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1.  Differential Regulation of Membrane CD14 Expression and Endotoxin-Tolerance in Alveolar Macrophages 
CD14 is important in the clearance of bacterial pathogens from lungs. However, the mechanisms that regulate the expression of membrane CD14 (mCD14) on alveolar macrophages (AM) have not been studied in detail. This study examines the regulation of mCD14 on AM exposed to Escherichia coli in vivo and in vitro and explores the consequences of changes in mCD14 expression. The expression of mCD14 was decreased on AM exposed to E. coli in vivo and AM incubated with lipopolysaccharide (LPS) or E. coli in vitro. Polymyxin B abolished LPS effects but only partially blocked the effects of E. coli. Blockade of extracellular signal-regulated kinase pathways attenuated LPS and E. coli-induced decrease in mCD14 expression. Inhibition of proteases abrogated the LPS-induced decrease in mCD14 expression on AM and the release of sCD14 into the supernatants, but did not affect the response to E. coli. The production of TNF-α in response to a second challenge with Staphylococcus aureus or zymosan was decreased in AM following incubation with E. coli but not LPS. These studies show that distinct mechanisms regulate the expression of mCD14 and the induction of endotoxin-tolerance in AM and suggest that AM function is impaired at sites of bacterial infection.
PMCID: PMC4096031  PMID: 15059784
alveolar macrophages; CD14; lungs; lipopolysaccharide; rabbit
2.  Monocytes Recruited to the Lungs of Mice during Immune Inflammation Ingest Apoptotic Cells Poorly 
Apoptotic cells must be cleared to resolve inflammation, but few resident alveolar macrophages (AMø) from normal lungs ingest apoptotic cells. We examined how Mø ingestion of apoptotic cells is altered during immune inflammation induced by intratracheal challenge of primed C57BL/6 mice using sheep red blood cells. Resident AMø were labeled in situ before challenge using intravenous PKH26 to distinguish them from recruited monocytes. Using flow cytometry, we identified phagocytosis of fluorescently-labeled apoptotic thymocytes by alveolar mononuclear phagocytes in vitro and in vivo, and measured surface molecule expression. Intratracheal challenge induced rapid recruitment of monocytes, peaking at Day 3 and decreasing thereafter, whereas numbers of resident AMø did not change significantly. At all times, the percentage of phagocytes ingesting apoptotic thymocytes in vitro was greater among resident AMø (28–45%) than among recruited monocytes (9–19%), but was low in both cell types relative to ingestion of immunoglobulin-opsonized targets. There was also a nonsignificant trend toward lower ingestion by monocytes in vivo. MerTK, a receptor tyrosine kinase crucial for apoptotic cell phagocytosis, was expressed by resident AMø, but not by recruited monocytes. Relative to resident AMø, monocytes recruited to the alveolus ingest apoptotic cells meagerly, possibly due to absence of MerTK expression.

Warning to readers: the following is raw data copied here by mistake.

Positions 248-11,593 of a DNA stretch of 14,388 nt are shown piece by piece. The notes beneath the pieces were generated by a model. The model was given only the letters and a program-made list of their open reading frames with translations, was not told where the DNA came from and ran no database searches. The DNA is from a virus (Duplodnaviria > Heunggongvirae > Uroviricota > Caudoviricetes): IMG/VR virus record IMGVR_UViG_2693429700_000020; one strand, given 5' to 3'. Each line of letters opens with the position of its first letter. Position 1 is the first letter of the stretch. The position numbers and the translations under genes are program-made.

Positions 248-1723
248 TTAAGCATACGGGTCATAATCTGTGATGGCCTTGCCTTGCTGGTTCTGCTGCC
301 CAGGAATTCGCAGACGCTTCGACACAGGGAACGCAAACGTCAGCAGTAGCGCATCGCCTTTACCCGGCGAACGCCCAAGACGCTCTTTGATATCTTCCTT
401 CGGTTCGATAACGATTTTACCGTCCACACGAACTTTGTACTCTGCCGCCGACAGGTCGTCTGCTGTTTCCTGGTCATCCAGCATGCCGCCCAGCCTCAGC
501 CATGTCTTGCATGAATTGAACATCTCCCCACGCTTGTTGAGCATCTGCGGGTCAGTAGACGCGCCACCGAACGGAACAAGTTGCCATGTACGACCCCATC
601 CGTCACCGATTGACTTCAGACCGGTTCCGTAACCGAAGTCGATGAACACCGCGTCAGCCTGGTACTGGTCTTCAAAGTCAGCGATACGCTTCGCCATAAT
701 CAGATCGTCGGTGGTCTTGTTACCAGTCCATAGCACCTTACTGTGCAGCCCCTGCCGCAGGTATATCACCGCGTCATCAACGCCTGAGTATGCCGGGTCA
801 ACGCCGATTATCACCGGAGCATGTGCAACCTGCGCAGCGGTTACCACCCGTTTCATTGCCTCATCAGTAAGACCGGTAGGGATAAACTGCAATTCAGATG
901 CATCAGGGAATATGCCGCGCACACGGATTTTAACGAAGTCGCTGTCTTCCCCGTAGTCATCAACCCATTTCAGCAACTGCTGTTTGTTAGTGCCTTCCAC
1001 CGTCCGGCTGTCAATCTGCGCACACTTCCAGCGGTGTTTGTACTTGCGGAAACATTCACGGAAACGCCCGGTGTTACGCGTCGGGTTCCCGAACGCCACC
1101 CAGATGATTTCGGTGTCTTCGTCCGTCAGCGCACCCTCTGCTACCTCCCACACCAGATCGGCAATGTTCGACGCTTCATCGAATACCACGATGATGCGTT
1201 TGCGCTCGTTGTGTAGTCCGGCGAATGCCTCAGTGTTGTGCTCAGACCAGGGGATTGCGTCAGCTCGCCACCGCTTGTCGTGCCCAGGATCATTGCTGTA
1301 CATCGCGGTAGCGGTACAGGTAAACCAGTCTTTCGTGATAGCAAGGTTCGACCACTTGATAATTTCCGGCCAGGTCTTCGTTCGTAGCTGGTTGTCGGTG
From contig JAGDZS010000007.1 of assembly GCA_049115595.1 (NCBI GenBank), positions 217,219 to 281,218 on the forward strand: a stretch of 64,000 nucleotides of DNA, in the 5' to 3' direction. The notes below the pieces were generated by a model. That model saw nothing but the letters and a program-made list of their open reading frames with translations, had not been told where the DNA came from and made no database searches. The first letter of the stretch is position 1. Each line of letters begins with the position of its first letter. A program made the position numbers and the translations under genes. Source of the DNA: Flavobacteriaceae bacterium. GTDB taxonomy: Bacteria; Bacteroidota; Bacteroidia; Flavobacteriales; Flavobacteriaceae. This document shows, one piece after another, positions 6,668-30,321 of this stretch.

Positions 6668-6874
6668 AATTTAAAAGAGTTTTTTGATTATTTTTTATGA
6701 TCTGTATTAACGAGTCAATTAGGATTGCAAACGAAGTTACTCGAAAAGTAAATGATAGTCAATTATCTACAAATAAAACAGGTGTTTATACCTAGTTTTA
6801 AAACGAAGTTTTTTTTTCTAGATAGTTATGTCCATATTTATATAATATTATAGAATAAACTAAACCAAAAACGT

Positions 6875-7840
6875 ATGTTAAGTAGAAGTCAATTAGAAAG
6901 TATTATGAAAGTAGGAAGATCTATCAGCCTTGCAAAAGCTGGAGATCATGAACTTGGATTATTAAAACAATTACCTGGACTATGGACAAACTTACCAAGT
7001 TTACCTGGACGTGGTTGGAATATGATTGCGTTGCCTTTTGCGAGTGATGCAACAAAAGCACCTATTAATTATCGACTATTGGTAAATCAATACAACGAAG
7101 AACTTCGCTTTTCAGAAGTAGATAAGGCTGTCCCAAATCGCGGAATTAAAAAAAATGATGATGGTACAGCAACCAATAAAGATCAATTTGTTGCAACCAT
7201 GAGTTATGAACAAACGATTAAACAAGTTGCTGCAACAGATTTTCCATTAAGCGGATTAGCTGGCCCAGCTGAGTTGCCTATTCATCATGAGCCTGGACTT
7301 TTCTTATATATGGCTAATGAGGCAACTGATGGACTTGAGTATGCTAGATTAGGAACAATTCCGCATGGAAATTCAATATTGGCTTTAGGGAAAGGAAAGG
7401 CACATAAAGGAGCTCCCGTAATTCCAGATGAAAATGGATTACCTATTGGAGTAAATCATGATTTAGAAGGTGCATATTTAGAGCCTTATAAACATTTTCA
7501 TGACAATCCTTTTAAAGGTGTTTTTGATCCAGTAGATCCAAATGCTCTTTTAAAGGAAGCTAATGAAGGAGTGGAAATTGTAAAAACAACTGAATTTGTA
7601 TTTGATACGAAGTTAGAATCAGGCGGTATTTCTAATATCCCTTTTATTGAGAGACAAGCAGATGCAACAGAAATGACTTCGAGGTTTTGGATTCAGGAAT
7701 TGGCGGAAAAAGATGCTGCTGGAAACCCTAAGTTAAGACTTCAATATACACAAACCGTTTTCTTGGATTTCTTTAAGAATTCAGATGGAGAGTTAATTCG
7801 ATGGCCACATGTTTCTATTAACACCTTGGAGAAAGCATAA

PMCID: PMC2267037  PMID: 15563692
apoptosis; adhesion molecules; mice; inbred strains; macrophage; receptor tyrosine kinase
3.  Prostaglandin E2 Inhibits Fibroblast Migration by E-Prostanoid 2 Receptor–Mediated Increase in PTEN Activity 
An increased migratory phenotype exists in lung fibroblasts derived from patients with fibroproliferative lung disease. Prostaglandin E2 (PGE2) suppresses fibroblast migration, but the receptor(s) and mechanism(s) mediating this action are unknown. Our data confirm that treatment of human lung fibroblasts with PGE2 inhibits migration. Similar effects of butaprost, an E-prostanoid (EP) 2 receptor–specific ligand, implicate the EP2 receptor in migration-inhibitory signaling. Further, migration in fibroblasts deficient for the EP2 receptor cannot be inhibited by PGE2 or butaprost, confirming the central role of EP2 in mediating these effects. Our previous data suggested that phosphatase and tensin homolog on chromosome ten (PTEN), a phosphatase that opposes the actions of phosphatidylinositol-3-kinase (PI3K), may be important in regulating lung fibroblast motility. We now report that both PGE2 and butaprost increase PTEN phosphatase activity, without a concomitant increase in PTEN protein levels. This contributes to EP2-mediated migration inhibition, because migration in PTEN-null fibroblasts is similarly unaffected by EP2 receptor signaling. Increased PTEN activity in response to EP2 stimulation is associated with decreased tyrosine phosphorylation on PTEN, a mechanism known to regulate enzyme activity. Collectively, these data describe the novel mechanistic finding that PGE2, via the EP2 receptor, decreases tyrosine phosphorylation on PTEN, resulting in increased PTEN enzyme activity and inhibition of fibroblast migration.
PMCID: PMC1965457  PMID: 15539459
fibroblast; eicosanoid; phosphatase; cell migration

Results 1-3 (3)